1.4. UNDP’s role in supporting accelerated implementation of the WHO FCTC It has been proposed that UNDP take on a significant role in the prevention and control of tobacco, including through supporting accelerated implementation of the WHO FCTC. The collaboration of UNDP and the Convention Secretariat, embodied by this report, is among a broader division of labour within the UN regarding assistance to WHO FCTC implementation (with, for example, World Bank focusing on Article 6, and UNEP on Article 18) [6]. Specifically, the May 2012 report of the Secretary-General to ECOSOC on the Ad Hoc Inter-Agency Task Force on Tobacco Control, in the context of the interagency division of labour, notes that UNDP take into account the requirements of Article 5, in the UNDP countrylevel role as convener and coordinator, where appropriate and under its governance programmes. A summary of Article 5 is presented in Box 1 (next page). The same report proposes the facilitation role of UNDP in integrating both the WHO FCTC and NCDs into UNDAFs [see 6].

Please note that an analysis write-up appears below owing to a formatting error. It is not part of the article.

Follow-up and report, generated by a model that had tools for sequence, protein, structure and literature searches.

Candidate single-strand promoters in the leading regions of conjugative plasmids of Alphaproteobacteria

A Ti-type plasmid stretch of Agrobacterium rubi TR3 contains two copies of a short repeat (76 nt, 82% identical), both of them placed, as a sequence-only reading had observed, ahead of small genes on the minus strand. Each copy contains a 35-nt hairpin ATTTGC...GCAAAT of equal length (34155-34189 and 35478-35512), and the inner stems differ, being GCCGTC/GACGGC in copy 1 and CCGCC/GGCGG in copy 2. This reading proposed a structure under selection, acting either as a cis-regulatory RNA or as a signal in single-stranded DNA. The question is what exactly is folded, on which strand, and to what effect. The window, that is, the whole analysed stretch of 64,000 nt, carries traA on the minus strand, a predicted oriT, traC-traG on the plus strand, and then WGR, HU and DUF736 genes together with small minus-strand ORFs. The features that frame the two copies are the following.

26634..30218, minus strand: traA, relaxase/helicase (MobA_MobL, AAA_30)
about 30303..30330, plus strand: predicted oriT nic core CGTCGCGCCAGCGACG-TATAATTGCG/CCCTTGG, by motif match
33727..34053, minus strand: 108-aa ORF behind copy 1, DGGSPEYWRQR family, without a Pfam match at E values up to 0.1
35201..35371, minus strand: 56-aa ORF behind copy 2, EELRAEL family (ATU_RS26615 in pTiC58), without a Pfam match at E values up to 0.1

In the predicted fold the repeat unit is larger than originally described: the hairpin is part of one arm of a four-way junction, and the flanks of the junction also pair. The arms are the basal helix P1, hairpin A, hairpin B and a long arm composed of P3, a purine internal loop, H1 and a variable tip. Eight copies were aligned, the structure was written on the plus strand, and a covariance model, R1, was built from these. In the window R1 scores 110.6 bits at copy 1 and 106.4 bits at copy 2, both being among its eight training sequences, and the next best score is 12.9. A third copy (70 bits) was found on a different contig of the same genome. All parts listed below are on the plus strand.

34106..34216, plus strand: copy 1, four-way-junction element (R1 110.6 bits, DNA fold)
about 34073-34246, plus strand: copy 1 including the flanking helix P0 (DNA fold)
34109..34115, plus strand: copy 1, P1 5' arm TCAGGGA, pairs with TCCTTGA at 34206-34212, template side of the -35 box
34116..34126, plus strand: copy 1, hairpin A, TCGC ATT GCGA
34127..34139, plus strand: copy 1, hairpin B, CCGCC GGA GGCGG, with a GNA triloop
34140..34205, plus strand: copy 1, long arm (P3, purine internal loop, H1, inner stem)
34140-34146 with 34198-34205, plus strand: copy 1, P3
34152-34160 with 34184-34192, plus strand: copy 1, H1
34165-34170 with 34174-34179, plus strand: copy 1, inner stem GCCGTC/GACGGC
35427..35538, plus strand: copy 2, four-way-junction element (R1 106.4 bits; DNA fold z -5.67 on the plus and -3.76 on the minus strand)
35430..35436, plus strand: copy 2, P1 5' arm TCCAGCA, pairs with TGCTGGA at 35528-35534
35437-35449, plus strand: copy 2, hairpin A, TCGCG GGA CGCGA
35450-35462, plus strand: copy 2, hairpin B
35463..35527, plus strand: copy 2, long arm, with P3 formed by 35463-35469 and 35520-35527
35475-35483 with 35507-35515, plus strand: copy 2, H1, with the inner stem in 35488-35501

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Recognizing that “substantially reducing tobacco consumption is an important contribution to addressing social determinants of health and vice versa”, the Rio Political Declaration on Social Determinants of Health paragraph 14 (iv) calls for accelerated implementation of the WHO FCTC among Parties and encourages non-member countries to consider acceding. Moreover, section 11.2 (i) pledges to: “Work across different sectors and levels of government, including through, as appropriate, national development strategies, taking into account their contribution to health and health equity and recognizing the leading role of health ministries for advocacy in this regard” [22]. 17 The Rio+20 Outcome Document para 141 states: “We also commit to establish or strengthen multisectoral national policies for the prevention and control of noncommunicable diseases” [23]. 12